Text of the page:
Gardening is a belief in the future. You plant, do your best to provide a good environment, cross your fingers, and hope nature will support your view of how the space should look. With living plants as the medium, the process can be tricky. Many plants will flourish in the locations you’ve chosen for them, but others will become diseased and a few may die sooner than expected.
Category Archives: Research
Learning from Nature, Gathering Data – Citizen Science in the Garden
On the day the International Union for the Conservation of Nature announced that migratory monarch butterflies had been added to the IUCN Red List of Threatened Species, I found a monarch caterpillar chewing on milkweed in my garden. An internationally recognized endangered species was reproducing in my suburban garden. Could restoring the environment really be this easy?
3,500 Square Feet, 25 Species, No Feeders – The Birds in My Backyard
When I first began gardening, setting up a few feeders seemed the best strategy for attracting birds to my backyard. Several years later, my perspective has changed. I decided to take down the feeders to see what would happen.
Leave the Leaves, But Why? Look to the Research
Leave the leaves! It’s an exhortation to gardeners to stop raking and blowing tree, shrub, and perennial leaves that drop in autumn, keeping the leaves in the garden as a natural mulch. If you think about how a forest functions, leaving the leaves makes sense. But does leaving the leaves in a residential garden really help?
Reconsidering Peat in the Garden
Whether classified as fen, mire, tropical swamp forest, or permafrost bog, peatlands store more carbon than the vegetation of all other landforms on Earth combined. With their unique ecology and thousand-year histories, peatlands also are places of mystery and beauty. Reconsidering peat in the garden is one way to contribute to their survival.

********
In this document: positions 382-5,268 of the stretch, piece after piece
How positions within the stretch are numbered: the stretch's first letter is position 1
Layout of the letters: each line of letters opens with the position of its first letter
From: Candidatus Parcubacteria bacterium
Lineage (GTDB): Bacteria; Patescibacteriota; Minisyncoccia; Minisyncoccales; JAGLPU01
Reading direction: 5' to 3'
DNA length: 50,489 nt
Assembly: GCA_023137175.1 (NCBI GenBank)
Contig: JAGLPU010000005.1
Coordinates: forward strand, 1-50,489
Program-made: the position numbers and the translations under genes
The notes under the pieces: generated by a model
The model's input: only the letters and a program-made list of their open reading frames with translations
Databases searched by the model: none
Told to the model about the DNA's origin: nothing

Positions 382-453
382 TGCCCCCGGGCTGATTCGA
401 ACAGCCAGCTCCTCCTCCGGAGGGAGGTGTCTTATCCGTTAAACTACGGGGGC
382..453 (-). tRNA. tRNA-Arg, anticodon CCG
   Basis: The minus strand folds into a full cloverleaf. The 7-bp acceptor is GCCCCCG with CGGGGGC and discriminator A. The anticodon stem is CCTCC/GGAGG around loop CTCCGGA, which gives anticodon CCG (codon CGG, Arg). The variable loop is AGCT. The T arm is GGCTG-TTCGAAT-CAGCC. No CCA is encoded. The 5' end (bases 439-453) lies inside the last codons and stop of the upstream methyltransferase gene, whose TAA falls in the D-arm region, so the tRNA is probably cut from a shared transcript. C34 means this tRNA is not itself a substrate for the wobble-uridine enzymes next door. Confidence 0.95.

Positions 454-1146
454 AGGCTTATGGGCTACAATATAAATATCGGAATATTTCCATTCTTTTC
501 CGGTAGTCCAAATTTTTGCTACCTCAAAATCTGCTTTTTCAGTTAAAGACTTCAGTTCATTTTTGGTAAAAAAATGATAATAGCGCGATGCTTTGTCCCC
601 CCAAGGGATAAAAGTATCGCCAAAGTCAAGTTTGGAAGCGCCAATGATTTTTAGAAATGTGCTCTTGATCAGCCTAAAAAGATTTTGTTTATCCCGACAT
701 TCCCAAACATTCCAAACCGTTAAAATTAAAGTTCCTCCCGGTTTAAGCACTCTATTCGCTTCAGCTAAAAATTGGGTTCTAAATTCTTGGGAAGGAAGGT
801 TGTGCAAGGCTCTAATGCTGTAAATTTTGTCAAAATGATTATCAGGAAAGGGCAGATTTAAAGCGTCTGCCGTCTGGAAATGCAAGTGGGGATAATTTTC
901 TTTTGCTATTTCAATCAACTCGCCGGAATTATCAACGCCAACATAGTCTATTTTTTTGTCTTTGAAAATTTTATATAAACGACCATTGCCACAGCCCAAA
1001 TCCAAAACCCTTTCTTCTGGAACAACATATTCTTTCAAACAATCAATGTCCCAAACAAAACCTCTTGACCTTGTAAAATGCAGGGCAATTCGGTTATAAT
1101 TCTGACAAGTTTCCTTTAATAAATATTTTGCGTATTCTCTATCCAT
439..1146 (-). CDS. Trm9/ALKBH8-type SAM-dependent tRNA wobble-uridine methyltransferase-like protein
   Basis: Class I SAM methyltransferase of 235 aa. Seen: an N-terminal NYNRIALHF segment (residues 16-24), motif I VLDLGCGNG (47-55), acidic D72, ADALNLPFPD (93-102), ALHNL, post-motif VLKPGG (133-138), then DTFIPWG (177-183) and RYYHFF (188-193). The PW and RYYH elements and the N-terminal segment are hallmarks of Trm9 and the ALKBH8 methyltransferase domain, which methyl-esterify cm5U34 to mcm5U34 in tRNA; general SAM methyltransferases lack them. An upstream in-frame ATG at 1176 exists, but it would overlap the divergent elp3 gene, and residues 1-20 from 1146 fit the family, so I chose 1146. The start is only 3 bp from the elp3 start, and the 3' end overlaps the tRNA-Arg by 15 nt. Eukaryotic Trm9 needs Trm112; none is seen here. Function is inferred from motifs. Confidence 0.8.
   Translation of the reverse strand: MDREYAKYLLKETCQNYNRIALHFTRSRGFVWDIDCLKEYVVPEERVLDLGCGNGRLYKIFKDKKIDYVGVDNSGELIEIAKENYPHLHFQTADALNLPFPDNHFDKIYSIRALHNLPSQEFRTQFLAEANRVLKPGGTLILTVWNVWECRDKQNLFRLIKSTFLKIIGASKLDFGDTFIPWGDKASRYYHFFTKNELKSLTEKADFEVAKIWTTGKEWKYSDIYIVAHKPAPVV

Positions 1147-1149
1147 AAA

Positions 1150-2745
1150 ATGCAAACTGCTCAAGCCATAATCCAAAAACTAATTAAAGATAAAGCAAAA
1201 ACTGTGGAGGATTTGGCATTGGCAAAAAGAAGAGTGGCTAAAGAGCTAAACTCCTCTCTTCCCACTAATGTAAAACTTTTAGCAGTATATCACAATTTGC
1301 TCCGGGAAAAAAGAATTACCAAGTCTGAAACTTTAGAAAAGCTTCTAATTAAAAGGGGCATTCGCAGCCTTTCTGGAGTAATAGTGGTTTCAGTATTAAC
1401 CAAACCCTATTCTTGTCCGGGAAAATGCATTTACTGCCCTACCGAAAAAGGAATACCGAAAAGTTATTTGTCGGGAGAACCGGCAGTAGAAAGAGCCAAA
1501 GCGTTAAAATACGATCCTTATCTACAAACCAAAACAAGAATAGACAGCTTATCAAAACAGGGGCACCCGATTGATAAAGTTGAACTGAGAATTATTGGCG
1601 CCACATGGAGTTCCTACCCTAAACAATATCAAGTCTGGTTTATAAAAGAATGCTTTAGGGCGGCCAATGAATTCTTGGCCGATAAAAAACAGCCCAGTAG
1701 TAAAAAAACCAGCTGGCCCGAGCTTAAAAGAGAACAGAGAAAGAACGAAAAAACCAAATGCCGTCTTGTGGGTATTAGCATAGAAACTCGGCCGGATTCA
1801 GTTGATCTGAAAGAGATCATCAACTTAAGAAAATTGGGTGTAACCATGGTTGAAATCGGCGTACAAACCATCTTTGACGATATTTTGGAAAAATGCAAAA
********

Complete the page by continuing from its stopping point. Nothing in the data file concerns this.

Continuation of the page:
Why It’s Not a Good Idea to Plant a Butterfly Bush
The butterfly bush — Buddleja, or Buddleia, davidii and other species — is a butterfly magnet. An easy to grow, rapidly developing shrub, it seems a good choice for the pollinator garden. But it’s not.
National Native Plant Month – April 2021
Recognition of the value of native plants continues to grow. Senate Resolution 109 of the 117th Congress, which designates April 2021 as National Native Plant Month, passed with bipartisan support on March 25. The resolution “recognizes the benefits of native plants to the environment and economy of the United States.”
The Butterfly Effect of a Wildlife Garden
A wildlife garden is designed intentionally to attract birds and butterflies and other pollinators, not just because they’re enjoyable to watch, but because they need help to survive.
The Wildlife Garden
No matter how simple or complex, designed or haphazard, a garden is an ecosystem, a community of plants and animals interacting with the environment of a space — the sun, wind, rain, and soil.
A Few Rules of Thumb for Planning and Planting a Garden
If you read enough gardening and garden design literature, a few rules of thumb will emerge – guidelines to follow for planning and planting. Keeping these in mind can help when you’re not sure where to start or when you’re feeling overwhelmed by the advice available.